Continuity is very important for young children, and any changes to their routine can become quite an obstacle that will need to be overcome. I recently "transformed" my image by getting my hair cut and trimming my beard. To some of the children at LifeWays, especially the very young ones, I became a totally different person. Young children are very perceptive about physical appearance and immediately notice these transformations, which can lead some to become upset and wary of this "new" character in their life. In order to make the adjustment to my transformation into a man with short hair and a shorter beard, I maintained my same disposition towards the children and utilized the clothing that they are accustomed to.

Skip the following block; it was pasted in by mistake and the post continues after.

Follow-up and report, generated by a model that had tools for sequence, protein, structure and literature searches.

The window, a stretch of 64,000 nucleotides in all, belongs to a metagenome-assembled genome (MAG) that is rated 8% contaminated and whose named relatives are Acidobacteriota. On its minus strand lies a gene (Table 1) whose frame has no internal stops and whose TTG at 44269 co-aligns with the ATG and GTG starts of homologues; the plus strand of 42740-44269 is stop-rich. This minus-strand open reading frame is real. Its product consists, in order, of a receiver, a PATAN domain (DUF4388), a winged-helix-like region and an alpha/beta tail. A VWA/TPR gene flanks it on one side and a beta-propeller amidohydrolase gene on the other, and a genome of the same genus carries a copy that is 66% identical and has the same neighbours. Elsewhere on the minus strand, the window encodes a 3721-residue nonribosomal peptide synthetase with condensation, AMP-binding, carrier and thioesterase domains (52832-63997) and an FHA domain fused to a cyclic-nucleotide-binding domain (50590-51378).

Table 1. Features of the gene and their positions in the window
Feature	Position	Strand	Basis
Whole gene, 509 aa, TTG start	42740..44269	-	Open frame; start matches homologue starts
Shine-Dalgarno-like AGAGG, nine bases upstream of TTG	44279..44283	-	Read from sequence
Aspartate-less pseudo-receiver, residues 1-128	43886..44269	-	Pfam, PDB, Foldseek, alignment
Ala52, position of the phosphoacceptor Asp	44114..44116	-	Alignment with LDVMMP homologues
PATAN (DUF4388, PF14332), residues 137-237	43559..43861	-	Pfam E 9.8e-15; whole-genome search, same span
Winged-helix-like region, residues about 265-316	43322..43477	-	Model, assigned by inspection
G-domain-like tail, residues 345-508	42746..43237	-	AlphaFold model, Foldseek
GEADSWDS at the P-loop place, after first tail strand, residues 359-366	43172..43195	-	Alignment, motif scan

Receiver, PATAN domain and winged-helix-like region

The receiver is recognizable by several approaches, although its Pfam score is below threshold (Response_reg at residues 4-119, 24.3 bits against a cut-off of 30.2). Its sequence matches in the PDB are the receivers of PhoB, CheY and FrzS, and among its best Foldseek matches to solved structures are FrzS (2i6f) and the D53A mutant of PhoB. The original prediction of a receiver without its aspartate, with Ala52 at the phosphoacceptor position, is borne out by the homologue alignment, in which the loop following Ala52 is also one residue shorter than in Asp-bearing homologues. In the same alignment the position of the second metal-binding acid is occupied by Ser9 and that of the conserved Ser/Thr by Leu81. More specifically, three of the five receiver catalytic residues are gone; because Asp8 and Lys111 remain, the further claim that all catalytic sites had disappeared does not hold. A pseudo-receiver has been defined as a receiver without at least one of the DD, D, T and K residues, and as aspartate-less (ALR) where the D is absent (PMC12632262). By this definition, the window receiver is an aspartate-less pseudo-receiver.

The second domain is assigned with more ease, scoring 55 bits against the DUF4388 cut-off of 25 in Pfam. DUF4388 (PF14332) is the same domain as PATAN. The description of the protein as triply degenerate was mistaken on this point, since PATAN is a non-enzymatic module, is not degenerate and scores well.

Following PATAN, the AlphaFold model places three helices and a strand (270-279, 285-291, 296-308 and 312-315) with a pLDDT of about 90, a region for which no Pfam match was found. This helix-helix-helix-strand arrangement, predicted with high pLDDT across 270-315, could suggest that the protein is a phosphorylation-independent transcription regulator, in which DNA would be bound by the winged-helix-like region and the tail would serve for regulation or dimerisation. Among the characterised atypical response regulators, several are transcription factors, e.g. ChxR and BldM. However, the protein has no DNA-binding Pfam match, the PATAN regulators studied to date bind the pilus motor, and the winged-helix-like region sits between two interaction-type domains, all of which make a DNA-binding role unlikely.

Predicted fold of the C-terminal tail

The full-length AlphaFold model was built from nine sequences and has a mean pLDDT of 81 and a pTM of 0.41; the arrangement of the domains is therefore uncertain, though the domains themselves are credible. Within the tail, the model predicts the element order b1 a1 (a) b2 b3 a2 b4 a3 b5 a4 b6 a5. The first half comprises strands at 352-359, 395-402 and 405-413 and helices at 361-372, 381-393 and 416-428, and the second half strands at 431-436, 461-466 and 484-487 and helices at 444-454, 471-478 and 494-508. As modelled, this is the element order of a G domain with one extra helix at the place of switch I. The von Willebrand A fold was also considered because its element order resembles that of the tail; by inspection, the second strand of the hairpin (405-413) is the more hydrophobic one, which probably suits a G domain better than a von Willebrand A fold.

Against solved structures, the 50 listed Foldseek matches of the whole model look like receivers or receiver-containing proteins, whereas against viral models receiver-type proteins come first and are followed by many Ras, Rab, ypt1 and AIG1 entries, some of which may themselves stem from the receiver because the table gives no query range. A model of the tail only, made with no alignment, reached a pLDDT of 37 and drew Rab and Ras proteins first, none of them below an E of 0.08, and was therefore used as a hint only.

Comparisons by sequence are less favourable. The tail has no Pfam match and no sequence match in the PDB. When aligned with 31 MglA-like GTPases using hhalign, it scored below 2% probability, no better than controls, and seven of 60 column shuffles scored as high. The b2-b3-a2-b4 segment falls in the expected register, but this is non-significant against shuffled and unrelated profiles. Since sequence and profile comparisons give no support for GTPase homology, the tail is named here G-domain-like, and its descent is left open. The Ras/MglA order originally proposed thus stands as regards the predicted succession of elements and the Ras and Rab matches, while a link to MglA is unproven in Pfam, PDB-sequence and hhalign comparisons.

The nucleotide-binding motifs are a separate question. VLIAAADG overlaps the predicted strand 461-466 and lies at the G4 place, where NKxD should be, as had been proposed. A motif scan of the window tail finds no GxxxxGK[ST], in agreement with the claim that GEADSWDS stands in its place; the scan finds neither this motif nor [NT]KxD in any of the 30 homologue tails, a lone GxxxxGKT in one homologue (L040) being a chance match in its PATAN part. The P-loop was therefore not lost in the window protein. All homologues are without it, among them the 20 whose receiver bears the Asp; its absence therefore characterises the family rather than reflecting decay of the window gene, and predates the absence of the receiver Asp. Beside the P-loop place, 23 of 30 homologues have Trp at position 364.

I had first transformed my appearance just days before I was set to babysit one of our LifeWays children. The day before while at school I had noticed a difference in the behavior in some of the children when I was not wearing my classic red hat that I wear while I cook. My transformation was quite radical in that my hair was close to shoulder-length and I had gotten it trimmed much shorter than many of the children had ever seen. The specific child that I was to babysit had undergone her own transformation as we had gotten to know each other better. When she first arrived at LifeWays she would not speak to me, rather she would just stare at me, trying to figure me out. As time passed she began to answer the questions I would ask and that built into the relationship we have today which involves many questions and comments from her and no reticence to speak to me. As she became more comfortable with me she realized she could let her guard down and open up to me, leaving her reservations behind.